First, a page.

Earlier this year, Lifeworks announced we would be leaning on our value of “You Lead the Way – We Listen” by embracing a community-based model for our Day Support program in Brooklyn Park. With the lease of our Brooklyn Park facility ending in March 2023, Lifeworks is now taking this opportunity to move towards a future where day services are further ingrained in the community. This includes further progressing our service delivery outside of a Lifeworks facility, locating a new, more appropriately sized building which can act as a hub for our Brooklyn Park program, and establishing new relationships with existing entities in the community.
Throughout the process, we have centered the lived experiences of the people we partner with to envision what is next. After consulting with our Brooklyn Park clients, we learned that 84% of them love community activities. These included visits to a local library, time spent outside at a public park, engaging with others at community centers, volunteering with organizations, and more. Listening to those we partner with made our decision not to renew the lease in Brooklyn Park even more evident. By closing one door, we open another to expand our services into new areas.
Providing services in the community is not something new to Lifeworks. “We’re already doing it,” says Angie Baeten, the program manager at Brooklyn Park. “[Some days] I will walk around the building, and there will be nobody here. We are getting out and doing things that people want to do.” Angie started volunteering at Lifeworks in 2013 and now oversees the Day Support program in Brooklyn Park as a manager. Having spent eight years working at Brooklyn Park, she has built meaningful relationships with people in the program. Building these relationships has allowed Angie to understand better those we support. “They learn that they can open up to you, and they can trust you. You can learn what is really important to them and what they want to get out of services.”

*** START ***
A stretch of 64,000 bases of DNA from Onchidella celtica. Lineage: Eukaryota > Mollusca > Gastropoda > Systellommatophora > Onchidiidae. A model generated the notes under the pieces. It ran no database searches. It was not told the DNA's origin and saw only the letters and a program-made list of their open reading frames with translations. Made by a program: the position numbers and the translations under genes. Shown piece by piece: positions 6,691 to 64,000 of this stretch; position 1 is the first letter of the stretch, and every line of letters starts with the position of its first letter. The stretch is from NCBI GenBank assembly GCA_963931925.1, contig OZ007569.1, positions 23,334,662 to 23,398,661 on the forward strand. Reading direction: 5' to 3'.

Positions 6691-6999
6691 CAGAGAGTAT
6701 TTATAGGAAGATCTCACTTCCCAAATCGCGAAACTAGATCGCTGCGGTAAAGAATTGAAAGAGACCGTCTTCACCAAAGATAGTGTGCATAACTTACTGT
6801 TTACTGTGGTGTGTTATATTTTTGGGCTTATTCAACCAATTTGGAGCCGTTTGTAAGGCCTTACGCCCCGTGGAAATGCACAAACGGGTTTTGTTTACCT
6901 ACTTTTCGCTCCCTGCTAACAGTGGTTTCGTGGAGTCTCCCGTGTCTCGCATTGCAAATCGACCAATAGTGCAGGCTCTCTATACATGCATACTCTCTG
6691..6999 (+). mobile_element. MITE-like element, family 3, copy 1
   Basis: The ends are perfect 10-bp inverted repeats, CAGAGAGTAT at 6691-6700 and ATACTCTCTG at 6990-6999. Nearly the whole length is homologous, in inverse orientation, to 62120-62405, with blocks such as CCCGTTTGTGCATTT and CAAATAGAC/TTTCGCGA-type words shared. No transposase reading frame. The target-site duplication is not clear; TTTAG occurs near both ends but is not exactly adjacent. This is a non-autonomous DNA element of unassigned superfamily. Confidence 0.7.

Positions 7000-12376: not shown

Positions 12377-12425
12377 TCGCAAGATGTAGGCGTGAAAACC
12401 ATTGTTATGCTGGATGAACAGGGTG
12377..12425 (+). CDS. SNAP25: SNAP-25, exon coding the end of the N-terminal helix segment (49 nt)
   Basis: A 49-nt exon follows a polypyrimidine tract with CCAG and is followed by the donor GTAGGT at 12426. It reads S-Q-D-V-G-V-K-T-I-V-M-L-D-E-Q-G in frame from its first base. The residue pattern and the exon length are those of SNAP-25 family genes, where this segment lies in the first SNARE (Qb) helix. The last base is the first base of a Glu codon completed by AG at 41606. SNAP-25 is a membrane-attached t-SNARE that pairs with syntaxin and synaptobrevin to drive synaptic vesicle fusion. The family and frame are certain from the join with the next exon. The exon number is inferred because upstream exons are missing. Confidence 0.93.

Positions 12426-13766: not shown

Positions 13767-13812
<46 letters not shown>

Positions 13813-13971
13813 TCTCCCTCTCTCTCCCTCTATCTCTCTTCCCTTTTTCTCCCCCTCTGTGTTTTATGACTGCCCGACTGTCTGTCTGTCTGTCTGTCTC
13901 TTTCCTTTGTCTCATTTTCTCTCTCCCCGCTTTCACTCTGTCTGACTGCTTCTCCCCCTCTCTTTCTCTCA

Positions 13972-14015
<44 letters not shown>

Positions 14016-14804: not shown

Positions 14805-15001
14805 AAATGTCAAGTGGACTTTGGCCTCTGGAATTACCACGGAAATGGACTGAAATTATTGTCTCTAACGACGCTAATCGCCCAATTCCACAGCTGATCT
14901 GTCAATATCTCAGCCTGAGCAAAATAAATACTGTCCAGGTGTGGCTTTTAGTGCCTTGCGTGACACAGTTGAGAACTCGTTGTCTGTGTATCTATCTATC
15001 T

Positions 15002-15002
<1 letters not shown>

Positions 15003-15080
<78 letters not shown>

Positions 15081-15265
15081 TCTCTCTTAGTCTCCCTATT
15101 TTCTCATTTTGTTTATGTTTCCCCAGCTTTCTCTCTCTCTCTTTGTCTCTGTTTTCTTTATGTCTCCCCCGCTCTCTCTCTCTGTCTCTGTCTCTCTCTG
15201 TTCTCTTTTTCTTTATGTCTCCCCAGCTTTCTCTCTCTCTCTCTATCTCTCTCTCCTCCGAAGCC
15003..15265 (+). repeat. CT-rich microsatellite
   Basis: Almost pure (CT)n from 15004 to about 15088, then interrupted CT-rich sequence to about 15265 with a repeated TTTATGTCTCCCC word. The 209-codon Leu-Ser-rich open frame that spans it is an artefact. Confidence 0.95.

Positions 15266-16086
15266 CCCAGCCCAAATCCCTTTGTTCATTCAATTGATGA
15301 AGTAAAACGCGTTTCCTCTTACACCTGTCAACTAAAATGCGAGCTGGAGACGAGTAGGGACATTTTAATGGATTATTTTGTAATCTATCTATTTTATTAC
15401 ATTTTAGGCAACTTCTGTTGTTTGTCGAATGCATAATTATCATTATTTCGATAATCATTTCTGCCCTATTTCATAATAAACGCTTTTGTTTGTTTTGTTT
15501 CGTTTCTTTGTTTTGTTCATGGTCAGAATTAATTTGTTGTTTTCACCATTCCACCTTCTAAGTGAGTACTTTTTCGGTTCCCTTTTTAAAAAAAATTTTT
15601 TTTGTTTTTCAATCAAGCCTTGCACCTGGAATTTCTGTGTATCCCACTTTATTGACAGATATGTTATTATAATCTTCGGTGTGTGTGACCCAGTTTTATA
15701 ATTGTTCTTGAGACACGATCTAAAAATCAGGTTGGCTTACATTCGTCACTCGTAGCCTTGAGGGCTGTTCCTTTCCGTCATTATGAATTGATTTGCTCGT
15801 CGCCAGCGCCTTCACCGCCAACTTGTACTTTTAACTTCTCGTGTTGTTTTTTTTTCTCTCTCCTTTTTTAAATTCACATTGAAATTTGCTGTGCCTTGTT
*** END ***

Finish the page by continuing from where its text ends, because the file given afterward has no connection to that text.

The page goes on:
As Lifeworks moved to be out in the community more, it became clear that these activities were important to those participating in them. The staff and the folks they support spent more time in the community and less time inside the Brooklyn Park building. “The building is empty most days. We have two groups that are already fully out in the community,” Angie shared. While the building in Brooklyn Park provides a hub for those in the program, expanding services into the community has allowed Lifeworks to establish partnerships with businesses, other organizations, and community centers.
One such partner is Feed My Starving Children in Coon Rapids. More than 30 Lifeworks clients volunteer at Feed My Starving Children each week, completing tasks such as bag labeling, food packaging, and helping in the warehouse. The staff at Feed My Starving Children are grateful for the impact that the volunteers from Lifeworks have made. Emily, a volunteer program supervisor at Feed My Starving Children, said, “It’s fun to see their sense of fulfillment in doing their part to feed kids around the world. It’s really cool to have them join us on a regular basis so we can get to know their names and call them friends when they come in.”
Eric volunteers at Feed My Starving Children weekly with a group from the Brooklyn Park day program. He says that Feed My Starving Children is one of his favorite places to go out in the community. He feels that volunteering there is important to “help kids from different countries.” Eric enjoys sealing the food bags once the other volunteers fill them.
While many folks from Lifeworks volunteer regularly, they also enjoy other activities around the Twin Cities. In September, Lifeworks took trips to the Base Camp at Fort Snelling and the Como Zoo. Community outings like these provide opportunities for greater community access and inclusion for people with disabilities. As we look ahead to the future of community-based services, Lifeworks is excited to offer more options for folks to build relationships, learn new skills, and volunteer in our community.
Angie mentioned that she recently received a phone call from someone who met folks from one of the Lifeworks volunteer groups at Feed My Starving Children. “The community is getting to know the people that we’re bringing out there, and they’re liking their involvement and wanting them out there.” This serves as a prime example of putting inclusion into practice. Our decision to provide services primarily in the community allows people with disabilities to connect with others authentically and experience our communities as full members of them.
At Lifeworks, we envision accessible, equitable, and diverse communities. We know that a crucial aspect of making this vision a reality is the full inclusion of people with disabilities in the places where we work and live. This change can only occur if we continue to increase opportunities for people with disabilities to experience our shared spaces together and by providing broader access in these areas. Our decision to end our lease at the Brooklyn Park facility is less an uprooting of our current structure but rather an opportunity to fully embrace the path we have been on in partnership with those who come to Lifeworks.